Less than a week after members of the United Auto Workers Union returned to work at GM ( GM ) dealers for UAW and Ford  ( F ) announced late Wednesday that they had reached a tentative agreement.
While there were some preliminary talks between the union and Ford before and even during the GM strike, the Ford negotiations only moved to the front burner for the union on Monday.
The agreement must still be ratified by the 55,000 union members at Ford before it can take effect. Neither the union nor the company would disclose any details of the agreement.
But the quick settlement was a striking contrast to the disputed talks at GM. Nearly 50,000 GM workers were on strike from September 1
6 to members ratifying a new deal and starting to get back to work this Saturday. GM revealed this week that it expects the strike to cost $ 2.9 billion.
The automotive industry faces a decline in sales and the risk of further declines if the US economy continues to decline. It also faces the need to spend billions on developing the next generation of vehicles, electric and self-driving cars that may not be profitable for many years.
Ford has said it plans to spend $ 11 billion over the next few years to restructure its business globally to free up funds to develop electric and autonomous vehicles. But while it is profitable, it recently lowered its earnings forecast for the rest of the year. And the cost of the restructuring plans was an important factor in reducing the credit rating to garbage bond status recently.
"It looks like both parties were taking a healthy approach and avoiding a painful strike that would have benefited some of them," said Patrick Anderson, CEO of Anderson Economic Group, a Michigan research firm following the automotive industry.
A successful ratification vote is by no means assured. Four years ago, only 51% of union members in Ford voted for a deal that included their first pay raises in more than a decade.
But it always worked unlikely that Ford workers would follow GM workers on strike. There has been no shutdown at Ford since 1976.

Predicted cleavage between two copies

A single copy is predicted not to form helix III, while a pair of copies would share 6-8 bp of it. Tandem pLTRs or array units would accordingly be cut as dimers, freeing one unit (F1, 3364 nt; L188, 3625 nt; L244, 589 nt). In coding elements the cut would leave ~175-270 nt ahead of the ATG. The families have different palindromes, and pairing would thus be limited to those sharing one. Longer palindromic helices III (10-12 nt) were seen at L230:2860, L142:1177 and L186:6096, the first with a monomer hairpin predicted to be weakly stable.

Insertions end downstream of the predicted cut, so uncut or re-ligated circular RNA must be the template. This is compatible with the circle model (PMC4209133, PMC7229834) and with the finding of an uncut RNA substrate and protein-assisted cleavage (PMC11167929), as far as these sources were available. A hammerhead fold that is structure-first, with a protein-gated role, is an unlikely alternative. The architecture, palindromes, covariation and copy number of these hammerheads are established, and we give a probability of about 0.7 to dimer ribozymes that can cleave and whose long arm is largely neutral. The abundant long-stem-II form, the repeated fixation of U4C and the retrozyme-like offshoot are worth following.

And the biggest controversy at GM – the carmaker's decision to shut down three US plants where work was halted earlier this year – was not present at Ford, where no US plant closures are planned.
The union had promised to make GM shifts back from Mexico to try to revive the plants. While GM agreed to build an electric truck that was scheduled at a time yet to be determined by a fourth plant scheduled for closure, it would not move work back from Mexico to save any of the other three plants.
The workers at Ford are likely to receive many of the same terms that are found in the GM contract. Once the union has reached an agreement with a US carmaker, it tries to get the other two unified companies to follow that pattern.
Under the GM agreement, hourly workers receive a $ 11,000 signing bonus, a 6% increase over the four-year contract life, an agreement that many temporary workers can be permanently hired, and health care coverage substantially unchanged despite for the company's desire for workers to assume a much larger share of costs.
If Ford employees agree to a new contract that includes these provisions, they will benefit from not losing six weeks' wages to get those benefits.
When Ford's ratification vote is complete, probably over the next few weeks, the union will turn to the third unionized US automaker, Fiat Chrysler ( FCAU ) . Contract talks there could be complicated by the potential announcement of a merger with French carmaker PSA, the owner of Peugeot.
– CNN Business & # 39; Vanessa Yurkevich contributed to this story